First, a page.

Turkey dinner

My nonstop-talking flatmate Dean has four days off for the Fourth of July weekend, so he's going to spend all four of those days talking to me, apparently. And to Robert, to the cat, and to himself.

You can't get from my room to the bathroom without passing through the kitchen, so three times on Friday he tried cornering me in the kitchen. I blew him off twice, but the tick-marks on my wall said I had to give him a few minutes the next time. And there he was again, waiting for me in the kitchen after my shower, to tell me all about his new job, cooking — "chefing," he calls it — at a swanky downtown hotel.

July 3, 2022

I won't bore you with too many details like he did (Did you know he's been cooking for 40 years?) but I'll give you the gist, and then a sliver of one of his kitchen stories:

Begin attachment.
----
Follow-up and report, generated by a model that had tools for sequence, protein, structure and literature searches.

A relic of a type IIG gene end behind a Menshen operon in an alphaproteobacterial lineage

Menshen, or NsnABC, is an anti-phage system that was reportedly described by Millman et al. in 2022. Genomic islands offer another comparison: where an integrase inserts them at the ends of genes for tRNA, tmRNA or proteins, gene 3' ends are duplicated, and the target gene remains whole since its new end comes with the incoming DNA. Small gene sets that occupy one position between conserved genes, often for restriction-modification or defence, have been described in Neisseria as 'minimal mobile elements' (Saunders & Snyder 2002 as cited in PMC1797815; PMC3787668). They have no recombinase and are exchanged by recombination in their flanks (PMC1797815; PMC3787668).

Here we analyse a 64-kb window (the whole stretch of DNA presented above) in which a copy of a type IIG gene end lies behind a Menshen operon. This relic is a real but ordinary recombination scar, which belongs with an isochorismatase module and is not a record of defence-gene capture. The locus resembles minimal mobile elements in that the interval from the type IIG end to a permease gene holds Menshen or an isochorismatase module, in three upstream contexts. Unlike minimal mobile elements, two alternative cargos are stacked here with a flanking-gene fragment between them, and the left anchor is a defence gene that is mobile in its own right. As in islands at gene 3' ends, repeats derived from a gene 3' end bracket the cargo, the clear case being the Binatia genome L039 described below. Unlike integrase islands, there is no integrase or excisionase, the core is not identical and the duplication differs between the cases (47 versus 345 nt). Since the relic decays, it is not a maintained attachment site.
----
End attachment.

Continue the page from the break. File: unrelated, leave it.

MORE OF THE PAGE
Dean really wants me to know that he's a very good cook. In three months living here, he's told me he's a very good cook a hundred different ways, and indeed, everyone at the hotel is very impressed with his cooking. That's the recurring theme of Dean's stories. The customers love his beef stroganoff and lamb mwabeibei, and hotel management eats there too, and the compliments never seem to stop.

After the cooking stories, he told me about his small-town childhood, the architecture of the courthouse, and his opinions about renaming towns and places for purposes of political correctness, before I slipped away to sanity and silence.

Now, that promised sliver from one of Dean's kitchen stories:

In a walk-in freezer at the hotel, there were several large turkeys, intended as employee gifts for Easter, Dean says, but the hotel bought too many of them. He had a spectacular recipe in mind for turkey portobello or something, so he moved the turkeys from the freezer into one of the refrigerators.

Something came up at the hotel, so his planned menus got bumped back a day, and then Dean needed to take a day off, and when he remembered and checked in the refrigerator, he was happy that the turkeys were still there. For the next day's dinner service, he prepped and served meat that had been thawed and held in the refrigerator for four days before being cooked.